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  • #347362

    Anonymous
    Everything below is a translation of
    this interesting article, same as images: 
    http://ciekawostkihistoryczne.pl/2017/06/24/jak-polacy-w-prl-u-migali-sie-od-wojska-poznaj-pomysly-w-ktore-az-trudno-uwierzyc/

    * PRL is a name for Polska Republika
    Ludowa (Polish People’s Republic)

    Suicide declaration, overproduction of
    medical excuses, and even limbs breaking. Potential recruits were
    ready for anything, just to cop out from being enlisted to the army.
    What was the best idea, and what could not be successful… but they
    still tried?

    The recruit service in the Polish
    People’s Republic was associated with a coercion, silliness and
    ideological brainwashing. It began with the oath, which consisted of
    i.a. promising to keep brotherly relations with the Soviet Army. Of
    course, there was “the wave” too. As a result two years of
    service in the infantry and three years in the navy looked – to many
    young people – as a completely wasted time. They came up with plenty
    of ideas to not go to the army, sometimes quite desperate.

    1. The best solution – to “get
    sick”.

    The most popular method to avoid the
    service in the Polish People’s Army was simulating a serious disease.
    Fantasy of the recruits was huge. It was supported by befriended
    doctors, who signed the necessary excuses. Sometimes it was enough to
    say: “Doctor, I’m quite normal, I just don’t want to go the
    army. I’m very scared, I can’t sleep at night”. The request was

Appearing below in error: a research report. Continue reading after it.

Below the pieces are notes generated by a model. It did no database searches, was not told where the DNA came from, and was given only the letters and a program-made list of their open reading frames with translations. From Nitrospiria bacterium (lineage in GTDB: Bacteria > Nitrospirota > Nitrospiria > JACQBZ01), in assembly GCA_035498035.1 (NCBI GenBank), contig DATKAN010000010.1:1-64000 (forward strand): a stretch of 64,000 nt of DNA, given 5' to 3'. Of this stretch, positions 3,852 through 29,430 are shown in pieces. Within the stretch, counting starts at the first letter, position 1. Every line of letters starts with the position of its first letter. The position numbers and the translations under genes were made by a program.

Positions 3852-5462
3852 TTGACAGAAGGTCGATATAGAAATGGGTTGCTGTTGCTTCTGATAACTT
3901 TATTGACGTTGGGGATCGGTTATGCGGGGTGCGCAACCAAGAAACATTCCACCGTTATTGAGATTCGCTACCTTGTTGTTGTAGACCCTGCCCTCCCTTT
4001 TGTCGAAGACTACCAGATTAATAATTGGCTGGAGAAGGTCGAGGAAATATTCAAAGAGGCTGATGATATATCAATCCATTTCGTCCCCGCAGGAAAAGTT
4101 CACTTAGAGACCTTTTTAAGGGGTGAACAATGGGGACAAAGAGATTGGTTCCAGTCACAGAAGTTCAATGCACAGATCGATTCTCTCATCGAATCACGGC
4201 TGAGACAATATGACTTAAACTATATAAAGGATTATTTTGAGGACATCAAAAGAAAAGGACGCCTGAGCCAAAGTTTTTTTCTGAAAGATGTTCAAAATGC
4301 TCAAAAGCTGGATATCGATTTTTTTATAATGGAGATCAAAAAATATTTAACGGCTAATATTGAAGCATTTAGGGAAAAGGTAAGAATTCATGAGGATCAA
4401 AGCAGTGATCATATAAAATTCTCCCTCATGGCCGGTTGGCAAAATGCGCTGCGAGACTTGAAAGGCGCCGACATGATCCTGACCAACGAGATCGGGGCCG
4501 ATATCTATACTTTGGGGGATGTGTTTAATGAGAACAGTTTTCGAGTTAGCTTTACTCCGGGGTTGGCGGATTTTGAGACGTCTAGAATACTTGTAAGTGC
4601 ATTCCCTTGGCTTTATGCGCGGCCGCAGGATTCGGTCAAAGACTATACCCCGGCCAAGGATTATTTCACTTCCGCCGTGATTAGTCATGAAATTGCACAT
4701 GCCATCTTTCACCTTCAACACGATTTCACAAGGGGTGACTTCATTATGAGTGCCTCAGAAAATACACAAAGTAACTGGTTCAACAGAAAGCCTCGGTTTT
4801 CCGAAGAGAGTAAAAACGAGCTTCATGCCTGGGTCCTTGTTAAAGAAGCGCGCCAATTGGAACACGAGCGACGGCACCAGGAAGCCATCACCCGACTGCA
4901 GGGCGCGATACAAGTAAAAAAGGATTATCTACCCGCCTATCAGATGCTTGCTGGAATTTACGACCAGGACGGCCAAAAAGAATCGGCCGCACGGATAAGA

obviously aided by the adequate gift.

    The leader of Czerwone Gitary band,
    Krzysztof Klenczon, have avoided the military service in this way. As
    his wife, Alicja Klenczon, says in the book, his father managed to
    use his contacts in WKU [Wojskowa Komenda Uzupełnień; Army
    Recruiting Command] to get the deferment. The doctor assigned to him
    category D [category D means he’s able to serve militarily during
    times of war if necessary]. Everything because Krzysztof blackmailed
    his father, that if he’ll be taken to the army he’ll commit a
    suicide.

    2. Better mental institute than the
    army

    People wanted the documents which said
    that patient had problems with heart, kidneys, spine, or neurological
    problems. Most appreciated – because of the difficulty in
    verification – were mental diseases. So called “yellow papers”
    in most of cases guaranteed avoidance of military service.
    48-year-old Piotr says:

    I went to a psychologist, and the
    woman started to enlist some phobias that I never heard about. I took
    the papers, she made for me some history of treatment for few years
    back, I left a good alcohol and went to the WKU. In my environment no
    one even imagined wearing the uniform and attending the combined
    exercises with the Russians. So I was meddling as much as I could.

    Piotr managed to avoid the
    conscription. The others were even ready to go a step forward,
    accepting the stay in mental institutes. In 1984 Andrzej “Kobra”
    Kraiński (who later became the leader of Kobranocka band) had to
    stay in such institute in Toruń, as he tried to avoid the
    conscription. It’s there where he met the head of the ward, Andrzej
    Michorzewski. Together they created the band Latający Pisuar [Flying
    Urinal], from which Kobranocka have been created later.

    3. I can’t go to the army, because I
    have bedwetting

    There were also half measures, which
    did not helped to avoid the service in general, but did guaranteed
    the deferment – for example documentations of attendance to the
    meetings of anonymous alcoholics or presence in the sobering
    chambers. Appreciated were also documents mentioning problems with
    sight and hearing. As a last resort men were showing the medical
    excuse of bedwetting.

    Sometimes the amount of documentation
    was enough. One member of a discussion forum “Czy byłeś w
    wojsku?” (Were you in the army?) mentions that he managed to
    avoid the service due to medical excuses. That’s what he says about
    the meeting the recruitment commission:

    I was not in the army. I got the
    category E [which means being unable to serve in the army even in
    times of war] on the first commission during commie times. I didn’t
    had it much complicated, thanks to kidney problems in the childhood.